Sample guided reading lesson our mom level e
Sample Guided Reading LessonOur Mom, Level E

Introduction:

Today, we will be reading the book Our Mom. It was written by Jenny Giles and Bill Thomas Photographed the pictures for this book. These two children are going to tell us about their mom and the things that they do together. What are some things that you do with you mom/mother?

Let’s look on pages 2 & 3. Good readers use information from the pictures to find out about the story. What do you notice about the pictures on these pages? That’s just what the words say, let’s read the words.

Look at the picture on page 5. What do you think is happening now in the story?

Let’s read this page together.

We are going to see the word “some” a lot in this book. Can you find the word “some” on page 8. It starts with an “s” . …… What letter does it have in the middle? That’s great, because good readers look at the middle part of a word to figure it out.

Now start reading from the beginning to find out what they have to say about their mom.

Reading Text: listen in to students reading text, assist individual students with reading prompts, take notes on individual students (anecdotal assessments)

Discussing the text:

Where do you think this family lives? What season is it? How can you tell?

Was there something that these children did with their mom that you also do?

Teaching for Processing Strategies:

highlight particular reading strategy used by student OR teach students a new strategy that would benefit the group determined by student miscues and strategies used while reading text

Word Work:

Using dry-erase boards, each student will generate & read a list of word family words using the short vowel endings “at” and “it”.


Sample guided reading lesson the candy store level i
Sample Guided Reading LessonThe Candy Store, Level I

Warm-Up:

Review the names and values of a collection of pennies, nickels and dimes. Practice showing 10 cents in a variety of ways using these coins. Also give the following practice problem: Gummi Bears are 5 cents each. Can you buy one? Can you buy two?

Introduction:

Today, we will be reading the book The Candy Story. It was written by Janice Novakowski and illustrated by Joe Weissman. Who has gone to the candy store before? What did you buy? Well, in this story, Raj and Rena are going to the candy store and they each have 10 cents to spend.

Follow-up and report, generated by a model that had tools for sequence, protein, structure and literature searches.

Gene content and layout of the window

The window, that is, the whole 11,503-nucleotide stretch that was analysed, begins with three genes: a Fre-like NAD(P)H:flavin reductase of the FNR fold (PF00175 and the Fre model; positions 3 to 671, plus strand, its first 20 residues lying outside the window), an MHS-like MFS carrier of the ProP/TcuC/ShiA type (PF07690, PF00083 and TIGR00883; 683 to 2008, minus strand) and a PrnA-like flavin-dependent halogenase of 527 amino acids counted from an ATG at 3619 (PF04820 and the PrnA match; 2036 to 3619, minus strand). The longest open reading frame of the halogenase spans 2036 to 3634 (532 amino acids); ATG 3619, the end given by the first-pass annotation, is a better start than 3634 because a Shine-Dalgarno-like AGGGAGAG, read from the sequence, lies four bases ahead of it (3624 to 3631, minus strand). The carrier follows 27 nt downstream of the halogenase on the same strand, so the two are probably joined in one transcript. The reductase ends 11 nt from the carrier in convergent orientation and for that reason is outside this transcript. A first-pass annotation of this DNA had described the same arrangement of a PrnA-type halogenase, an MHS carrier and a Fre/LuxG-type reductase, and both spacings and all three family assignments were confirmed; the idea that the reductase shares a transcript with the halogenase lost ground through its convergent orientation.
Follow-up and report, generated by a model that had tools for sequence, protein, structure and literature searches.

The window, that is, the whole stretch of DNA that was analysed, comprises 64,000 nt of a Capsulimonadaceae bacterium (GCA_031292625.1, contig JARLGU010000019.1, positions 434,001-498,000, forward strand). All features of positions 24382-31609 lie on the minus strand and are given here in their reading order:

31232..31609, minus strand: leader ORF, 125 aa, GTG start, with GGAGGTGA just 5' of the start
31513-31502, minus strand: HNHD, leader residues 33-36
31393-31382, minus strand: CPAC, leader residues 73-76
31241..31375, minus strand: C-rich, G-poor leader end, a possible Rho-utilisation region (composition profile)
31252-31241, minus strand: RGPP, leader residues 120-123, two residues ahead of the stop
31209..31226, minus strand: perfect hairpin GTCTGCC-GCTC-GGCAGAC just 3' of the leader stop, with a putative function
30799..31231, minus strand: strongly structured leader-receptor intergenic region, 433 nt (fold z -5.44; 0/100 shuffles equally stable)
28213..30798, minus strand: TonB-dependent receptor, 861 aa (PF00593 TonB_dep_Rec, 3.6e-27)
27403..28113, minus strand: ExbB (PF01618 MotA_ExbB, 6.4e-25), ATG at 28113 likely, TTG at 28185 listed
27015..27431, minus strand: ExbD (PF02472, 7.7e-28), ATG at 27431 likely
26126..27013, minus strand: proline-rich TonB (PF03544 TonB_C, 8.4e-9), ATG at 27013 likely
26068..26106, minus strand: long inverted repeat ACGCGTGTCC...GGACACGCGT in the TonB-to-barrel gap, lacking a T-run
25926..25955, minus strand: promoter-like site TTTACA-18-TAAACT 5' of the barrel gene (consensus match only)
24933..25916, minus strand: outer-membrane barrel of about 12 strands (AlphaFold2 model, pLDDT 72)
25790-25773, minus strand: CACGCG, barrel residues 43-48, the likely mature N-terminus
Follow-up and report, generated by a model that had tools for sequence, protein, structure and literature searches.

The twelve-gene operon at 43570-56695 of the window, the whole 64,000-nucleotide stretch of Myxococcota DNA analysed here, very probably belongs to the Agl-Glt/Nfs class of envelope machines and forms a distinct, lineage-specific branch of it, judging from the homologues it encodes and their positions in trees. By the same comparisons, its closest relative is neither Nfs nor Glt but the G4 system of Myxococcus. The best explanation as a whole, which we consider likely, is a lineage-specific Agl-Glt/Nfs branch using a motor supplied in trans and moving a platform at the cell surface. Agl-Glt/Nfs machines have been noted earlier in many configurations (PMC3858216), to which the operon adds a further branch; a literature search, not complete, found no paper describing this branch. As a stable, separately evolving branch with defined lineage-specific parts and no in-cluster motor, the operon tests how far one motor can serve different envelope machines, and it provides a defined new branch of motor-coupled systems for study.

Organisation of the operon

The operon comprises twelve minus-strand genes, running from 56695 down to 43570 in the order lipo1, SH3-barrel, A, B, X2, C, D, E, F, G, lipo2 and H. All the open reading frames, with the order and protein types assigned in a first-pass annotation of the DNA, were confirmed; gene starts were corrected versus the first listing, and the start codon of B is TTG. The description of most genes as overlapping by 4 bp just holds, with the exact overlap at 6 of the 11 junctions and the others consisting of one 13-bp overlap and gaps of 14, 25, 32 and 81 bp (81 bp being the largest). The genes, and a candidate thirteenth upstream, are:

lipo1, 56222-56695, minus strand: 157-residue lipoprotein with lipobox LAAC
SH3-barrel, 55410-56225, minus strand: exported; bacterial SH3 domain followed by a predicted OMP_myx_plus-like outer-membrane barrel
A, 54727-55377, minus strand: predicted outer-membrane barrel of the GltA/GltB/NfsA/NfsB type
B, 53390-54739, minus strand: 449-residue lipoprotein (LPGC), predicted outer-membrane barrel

Let’s look on page 2. Good readers use information from the pictures to find out about the story. Look at the picture on this page. How many pennies does Raj have to spend? How many nickels does Rena have? They each have ten cents. The word cents starts with a “c” but it makes the /s/ sound. Point to that word on the page.

Look at the clock on page 3. What time is it? Do you know what time the candy store opens? How could you find out?

I want you to read this book to find out what Raj and Rena buy at the candy store. Before you read let’s talk about what good readers do. We already know that this book has lots of clues in the pictures to help tell the story. But what do you do when you get stuck on a word? (Practice finding parts of the words “treat” and “spend” on the dry erase board.)

Now start reading from the beginning to find out what happened at the candy store.

Reading Text: listen in to students reading text, assist individual students with reading prompts, take notes on individual students (anecdotal assessments)

Discussing the Text:

What did Raj and Rena buy at the candy store?

How much time did they spend at the candy store?

What do you think might have happened if they had found one dollar?

Teaching for Processing Strategies:

highlight particular reading strategy used by student OR teach students a new strategy that would benefit the group

determined by student miscues and strategies used while reading text

Word Work:

Using dry-erase boards, each student will make words using the letters in the large word “metropolitan”.


Assessment informed instruction student prompts

Good Readers...

…look at the pictures and think: Does this make sense?

…listen to their reading and think: Does it sound right?

…check the letters in words and think: Does that look right?

…decide if their reading looks right, sounds right & makes sense.

…think about what happened so far in the story.

…match sounds to the letters they see.

…look for parts of a word that they know.

Assessment Informed Instruction: Student Prompts